“Soon I will be a teacher and can impart knowledge and contribute to the country’s development,” Sibuyi continues. “The scheme is making education accessible to every student who qualifies to enroll at an institution of higher learning, regardless of where you come from.”
However, African Economic Outlookpoints out that in South Africa, there is a large gap between what the universities produce and what the industry needs. The assessment article further notes that the high unemployment rate for graduates shows that the universities’ training has little relevance to the market and industry needs.
Statistics South Africa estimates that the unemployment rate of South Africa is currently at 25.2 percent for both educated and uneducated youth. In 2012, 3 million young people not in education, employment or training (or NEET) and 600,000 university graduates were unemployed. Furthermore, the quality of education in South Africa came under scrutiny in the World Economic Forum’s Global Competitiveness Report,which ranks the nation 127th out of 148 countries this year.
Even more disconcerting is that the country has been steadily dropping in this ranking since 2006, when it was 71st out of 122 countries. This implies that the investment by entities like the NSFAS have yet to make the intended systemic impact and is not yet economically profitable.
Additionally, the slow growth of the South African economy in recent years has meant non-proportional fund allocations to students in need. Likewise, an increase in the number of NSFAS beneficiaries — for example, from 7,220 in 1991 to 199,470 in 2012— has meant reduced funds for individual recipients. As a result, some students have to struggle to acquire an education. This has also affected their chances of getting employment, since students have their diplomas withheld until they settle their loans.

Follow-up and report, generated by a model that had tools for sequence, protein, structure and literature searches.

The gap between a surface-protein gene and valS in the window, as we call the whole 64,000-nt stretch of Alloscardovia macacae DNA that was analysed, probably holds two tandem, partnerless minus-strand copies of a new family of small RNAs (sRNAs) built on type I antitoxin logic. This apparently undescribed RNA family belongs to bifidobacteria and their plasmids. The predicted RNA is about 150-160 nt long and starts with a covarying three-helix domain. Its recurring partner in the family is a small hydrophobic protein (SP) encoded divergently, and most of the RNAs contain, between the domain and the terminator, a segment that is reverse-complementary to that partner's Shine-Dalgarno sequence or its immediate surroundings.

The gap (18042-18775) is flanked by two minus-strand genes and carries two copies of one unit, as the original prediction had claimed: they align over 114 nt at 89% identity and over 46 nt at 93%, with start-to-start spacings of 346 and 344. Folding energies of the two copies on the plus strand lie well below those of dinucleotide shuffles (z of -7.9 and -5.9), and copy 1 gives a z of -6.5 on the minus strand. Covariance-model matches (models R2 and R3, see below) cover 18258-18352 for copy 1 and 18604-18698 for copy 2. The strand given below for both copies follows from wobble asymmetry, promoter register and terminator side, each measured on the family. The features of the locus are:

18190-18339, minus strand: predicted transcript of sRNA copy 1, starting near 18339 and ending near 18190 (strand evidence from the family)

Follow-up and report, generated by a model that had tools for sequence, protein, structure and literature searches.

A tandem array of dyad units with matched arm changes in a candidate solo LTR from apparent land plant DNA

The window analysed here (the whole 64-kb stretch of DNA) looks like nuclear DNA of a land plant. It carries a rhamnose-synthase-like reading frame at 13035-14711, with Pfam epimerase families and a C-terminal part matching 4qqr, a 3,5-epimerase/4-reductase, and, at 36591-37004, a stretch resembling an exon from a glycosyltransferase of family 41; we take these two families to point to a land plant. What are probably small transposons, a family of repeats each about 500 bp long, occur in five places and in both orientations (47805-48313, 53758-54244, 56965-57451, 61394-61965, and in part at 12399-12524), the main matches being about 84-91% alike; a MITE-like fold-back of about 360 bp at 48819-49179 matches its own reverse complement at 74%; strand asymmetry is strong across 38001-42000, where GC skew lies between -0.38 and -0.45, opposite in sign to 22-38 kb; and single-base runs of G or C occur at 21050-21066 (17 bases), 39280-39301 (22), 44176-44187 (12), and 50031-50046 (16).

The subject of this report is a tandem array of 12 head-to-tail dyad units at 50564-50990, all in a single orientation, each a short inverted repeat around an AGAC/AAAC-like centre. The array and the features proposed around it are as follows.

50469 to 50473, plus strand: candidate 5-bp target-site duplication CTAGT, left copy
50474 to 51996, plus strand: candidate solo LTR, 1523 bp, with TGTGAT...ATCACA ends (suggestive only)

Nokuthula Mthethwa, a second-level student, says that in her first year the NSFAS scheme covered her tuition fees, paid for her residence and also assisted with meals, which was necessary because her parents could not afford to send her to the university. However, this year the scheme can pay her only 19,000 rand ($1,800 U.S.), which does not cover the previous benefits she had. With her outstanding balance and lack of any other support, her parents cannot afford to pay the remaining balance, and so she is considering dropping out.
Although there are problems in the government’s education system, it is important to note that significant progress has been made and that people are far better off than in the pre-1994 period. The creation of the NSFAS in 1996 is a key example. South Africa has a long way to go to make the quality of its education system competitive globally, but the country’s economy and social structures have benefited immensely from this investment. It has ensured that the black population and rural residents have increased their involvement in the country’s economy and can contribute their expertise.